Mitch McConnell Turns on House GOP Leader Over Tax Cut Deal

House GOP gets more isolated as Senate Republican leader McConnell extends olive branch.

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Senate Republican Leader Mitch McConnell offered an olive branch to Democrats over the payroll tax cut, calling for a short-term extension—what Democrats have advocated—while Senate Majority Leader Harry Reid agrees to negotiate a year-long extension through a conference committee.

"House Republicans sensibly want greater certainty about the duration of these provisions, while Senate Democrats want more time to negotiate the terms," McConnell said in a statement from his office. "These goals are not mutually exclusive."

McConnell's statement came minutes after Boehner and House Republicans dug in their heels against the idea of a short-term fix, claiming it would be dangerous for the economy.

"A two month extension only perpetuates the uncertainty that too many employers already have in dealing with the economy and what's coming out of Washington," Boehner said. While aides have said that McConnell spoke to Boehner before issuing the statement, Boehner hasn't said whether he'll take the deal.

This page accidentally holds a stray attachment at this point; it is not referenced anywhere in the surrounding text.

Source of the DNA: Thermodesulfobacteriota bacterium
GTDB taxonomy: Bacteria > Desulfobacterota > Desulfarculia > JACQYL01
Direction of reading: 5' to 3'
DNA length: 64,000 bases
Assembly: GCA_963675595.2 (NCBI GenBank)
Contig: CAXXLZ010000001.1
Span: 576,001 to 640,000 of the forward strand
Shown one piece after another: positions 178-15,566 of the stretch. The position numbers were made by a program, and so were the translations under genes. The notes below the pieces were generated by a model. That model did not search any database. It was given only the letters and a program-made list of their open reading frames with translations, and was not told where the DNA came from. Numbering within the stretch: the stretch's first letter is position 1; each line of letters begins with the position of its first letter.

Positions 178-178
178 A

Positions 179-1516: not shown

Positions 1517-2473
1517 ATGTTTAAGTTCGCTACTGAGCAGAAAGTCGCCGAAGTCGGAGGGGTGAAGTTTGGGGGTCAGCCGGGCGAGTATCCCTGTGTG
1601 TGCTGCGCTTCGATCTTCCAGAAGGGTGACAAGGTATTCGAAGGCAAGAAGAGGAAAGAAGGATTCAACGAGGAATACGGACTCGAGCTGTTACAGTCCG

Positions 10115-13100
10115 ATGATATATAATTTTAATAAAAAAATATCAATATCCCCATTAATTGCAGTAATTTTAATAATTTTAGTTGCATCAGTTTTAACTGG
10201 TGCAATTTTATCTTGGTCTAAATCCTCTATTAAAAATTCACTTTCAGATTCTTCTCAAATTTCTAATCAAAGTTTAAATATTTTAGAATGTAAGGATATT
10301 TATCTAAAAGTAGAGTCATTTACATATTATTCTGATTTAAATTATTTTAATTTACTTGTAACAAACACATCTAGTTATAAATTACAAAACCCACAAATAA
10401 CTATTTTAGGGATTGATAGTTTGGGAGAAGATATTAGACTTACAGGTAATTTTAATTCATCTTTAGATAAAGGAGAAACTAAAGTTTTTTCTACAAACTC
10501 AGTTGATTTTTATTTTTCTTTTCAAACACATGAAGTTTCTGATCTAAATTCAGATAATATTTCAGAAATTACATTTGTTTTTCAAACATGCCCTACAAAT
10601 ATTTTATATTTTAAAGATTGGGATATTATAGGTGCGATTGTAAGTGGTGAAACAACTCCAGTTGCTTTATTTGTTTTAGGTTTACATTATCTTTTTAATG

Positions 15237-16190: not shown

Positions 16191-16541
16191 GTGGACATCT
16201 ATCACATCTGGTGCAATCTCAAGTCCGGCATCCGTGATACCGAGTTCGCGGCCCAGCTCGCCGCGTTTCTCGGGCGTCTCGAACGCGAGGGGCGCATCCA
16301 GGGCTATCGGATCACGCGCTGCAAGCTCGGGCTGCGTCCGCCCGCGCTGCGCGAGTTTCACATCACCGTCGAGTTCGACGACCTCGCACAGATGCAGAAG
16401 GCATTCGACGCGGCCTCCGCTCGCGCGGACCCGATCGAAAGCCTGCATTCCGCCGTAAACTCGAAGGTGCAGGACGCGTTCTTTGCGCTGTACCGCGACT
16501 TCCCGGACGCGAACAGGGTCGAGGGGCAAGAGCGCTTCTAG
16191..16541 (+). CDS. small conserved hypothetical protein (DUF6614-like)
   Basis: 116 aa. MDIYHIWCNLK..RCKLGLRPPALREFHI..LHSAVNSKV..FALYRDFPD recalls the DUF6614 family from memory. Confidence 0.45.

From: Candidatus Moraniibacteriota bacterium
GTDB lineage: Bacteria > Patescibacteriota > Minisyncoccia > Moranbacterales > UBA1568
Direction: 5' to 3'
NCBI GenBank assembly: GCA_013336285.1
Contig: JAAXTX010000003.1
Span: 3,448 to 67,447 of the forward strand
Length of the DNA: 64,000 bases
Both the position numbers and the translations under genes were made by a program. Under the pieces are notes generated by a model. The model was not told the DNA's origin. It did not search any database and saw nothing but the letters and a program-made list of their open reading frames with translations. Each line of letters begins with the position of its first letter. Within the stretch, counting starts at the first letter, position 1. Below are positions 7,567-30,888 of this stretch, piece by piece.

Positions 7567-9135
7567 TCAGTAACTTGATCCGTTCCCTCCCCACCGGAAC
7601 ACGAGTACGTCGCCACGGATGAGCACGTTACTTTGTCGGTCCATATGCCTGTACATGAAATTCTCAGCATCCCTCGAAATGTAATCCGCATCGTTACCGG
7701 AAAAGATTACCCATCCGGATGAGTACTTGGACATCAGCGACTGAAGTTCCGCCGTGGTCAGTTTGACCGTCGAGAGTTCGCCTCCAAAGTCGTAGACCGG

[Obama keeps up pressure over payroll tax cut.]

Democrats pointed to the statement as further proof that the GOP's stance was slipping. President Obama mentioned McConnell's proposal in an afternoon televised statement, claiming it showed that Senate Republicans agreed with his position.

"Democrats agree with the Republican leader of the Senate," Obama said. "We should go ahead and get this done."

One Senate Democratic aide highlighted the rift between the House and Senate.

"It's pretty enormous," the aide says. "When was the last time McConnell broke with Boehner?"

The aide also dismissed the procedural concession—for Reid to agree to a conference committee to craft a year-long bill—as only a skin-deep giveaway.

"Even if a conference committee happens, it's going to be a sideshow. The real policy is going to be worked out through other channels," the Democratic aide says.

The payroll tax cut will expire on January 1 unless Congress acts. In addition, unemployment benefits will begin to run out for those who have been jobless for more than a half-year, and reimbursement rates for Medicare doctors will plummet.

aparker@usnews.com

Twitter: @AlexParkerDC